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The Common Application Essay Prompt 1: What’s Your Story?

by Tyler Nakatsu, on Jul 12, 2019 12:00:00 PM

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We huddled in the alley, in the rain, by the emergency exit of The Comet. “Five minutes guys,” yelled the stage technician, peeking his head outside the door. We were on the bill but because we weren’t 21, we could only be inside the venue when we were playing. Practicing everyday after school for months, spending weeks recording, mixing, and mastering, failing, arguing, pounding until we had material that we enjoyed landed us a show. At school, what we dedicated our everything to was only celebrated annually at the poorly attended talent show. But that didn’t mean we didn’t work everyday to reach the vision we had, which was about to take center stage. “Okay let’s go,” the tech said as he threw the door open. Pausing for a second before walking inside.

Common Application essay prompt #1: Some students have a background, identity, interest, or talent that is so meaningful they believe their application would be incomplete without it. If this sounds like you, then please share your story. 

The Common Application personal statement is meant to be straightforward and engaging, so don’t over-complicate them! The instructions ask you to reveal something that distinguishes you or sets you apart from others in your own voice. They are not asking for something elaborate, but something uniquely your own.

The first question--which Common App member colleges say is the most popular and the most useful--allows you to write about any moment that has shaped who you are as a person (even if it's standing in the rain). It’s the simplest to answer because it is the most straightforward and most capacious: really, you can write about anything important to you.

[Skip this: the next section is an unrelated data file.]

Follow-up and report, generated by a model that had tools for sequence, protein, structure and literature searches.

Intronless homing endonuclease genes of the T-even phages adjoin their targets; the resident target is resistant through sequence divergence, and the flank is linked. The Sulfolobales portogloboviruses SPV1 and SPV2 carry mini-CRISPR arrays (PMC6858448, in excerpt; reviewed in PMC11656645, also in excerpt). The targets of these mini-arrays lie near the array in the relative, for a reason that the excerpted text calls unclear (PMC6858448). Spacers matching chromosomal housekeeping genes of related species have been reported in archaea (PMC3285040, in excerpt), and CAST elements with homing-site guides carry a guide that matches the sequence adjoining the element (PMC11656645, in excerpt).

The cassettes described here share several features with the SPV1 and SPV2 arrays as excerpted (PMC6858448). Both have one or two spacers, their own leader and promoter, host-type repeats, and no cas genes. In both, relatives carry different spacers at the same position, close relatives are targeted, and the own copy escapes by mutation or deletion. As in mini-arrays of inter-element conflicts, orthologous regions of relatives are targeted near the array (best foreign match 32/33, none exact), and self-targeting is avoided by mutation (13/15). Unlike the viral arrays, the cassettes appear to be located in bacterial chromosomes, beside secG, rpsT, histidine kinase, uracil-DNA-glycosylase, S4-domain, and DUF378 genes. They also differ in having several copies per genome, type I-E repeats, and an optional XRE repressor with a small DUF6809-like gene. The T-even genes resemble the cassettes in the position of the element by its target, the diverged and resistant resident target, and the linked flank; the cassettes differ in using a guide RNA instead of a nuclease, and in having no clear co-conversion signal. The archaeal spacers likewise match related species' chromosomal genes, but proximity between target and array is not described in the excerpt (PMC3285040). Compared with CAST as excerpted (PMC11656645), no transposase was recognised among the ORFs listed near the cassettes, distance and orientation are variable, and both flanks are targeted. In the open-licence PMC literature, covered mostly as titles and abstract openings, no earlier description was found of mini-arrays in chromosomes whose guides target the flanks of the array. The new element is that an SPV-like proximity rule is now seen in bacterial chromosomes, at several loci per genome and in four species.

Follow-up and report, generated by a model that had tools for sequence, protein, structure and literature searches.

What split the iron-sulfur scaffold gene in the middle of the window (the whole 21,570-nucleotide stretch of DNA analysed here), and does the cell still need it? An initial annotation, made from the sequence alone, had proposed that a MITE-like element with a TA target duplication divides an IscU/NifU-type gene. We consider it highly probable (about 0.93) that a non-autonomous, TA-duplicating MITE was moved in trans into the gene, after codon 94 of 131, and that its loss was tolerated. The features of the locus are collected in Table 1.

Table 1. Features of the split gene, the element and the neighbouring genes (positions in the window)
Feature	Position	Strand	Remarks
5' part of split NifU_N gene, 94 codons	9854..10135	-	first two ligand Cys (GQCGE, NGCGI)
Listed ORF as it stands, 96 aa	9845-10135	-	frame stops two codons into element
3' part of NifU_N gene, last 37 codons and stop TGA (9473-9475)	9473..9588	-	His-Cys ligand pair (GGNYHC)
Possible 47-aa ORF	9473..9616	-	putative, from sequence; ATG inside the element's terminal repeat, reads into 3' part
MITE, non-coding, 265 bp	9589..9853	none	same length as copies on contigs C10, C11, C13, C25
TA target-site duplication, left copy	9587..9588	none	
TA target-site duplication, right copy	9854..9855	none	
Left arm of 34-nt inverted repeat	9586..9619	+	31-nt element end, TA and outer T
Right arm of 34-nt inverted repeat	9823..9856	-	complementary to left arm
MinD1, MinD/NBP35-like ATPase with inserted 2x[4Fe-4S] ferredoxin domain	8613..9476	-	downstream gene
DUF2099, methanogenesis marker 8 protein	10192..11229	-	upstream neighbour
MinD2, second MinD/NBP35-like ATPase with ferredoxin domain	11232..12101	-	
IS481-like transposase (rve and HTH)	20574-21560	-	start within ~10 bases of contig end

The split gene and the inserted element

Here are three steps to conquer the first Common Application essay prompt:

Step 1: Find a Moment. This is not a time to tell your whole life story. Whatever is that big thing that “shaped who you are as a person,” explore specific moments that show when you changed, grew, or made a difference. Start by making a list of moments when something changed; moments that show how your unique story unfolded.

Step 2: Tell a Story. Once you have a moment you want to write about, tell your story out loud--this unlocks your creativity, activates the specific memories of your story, and starts the process in your authentic voice.

Step 3: Keep it in the World. Most of us think about our life in broad, generic brush strokes that sound like many other people. “My parents were first generation college students,” I often say. To connect to your reader, you want to work sentence by sentence to replace those general ideas and things that lots of people can say with specific details.

Want more tips for Common App essay prompts? Check out our Guide to the Common App.

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Topics:High School and College

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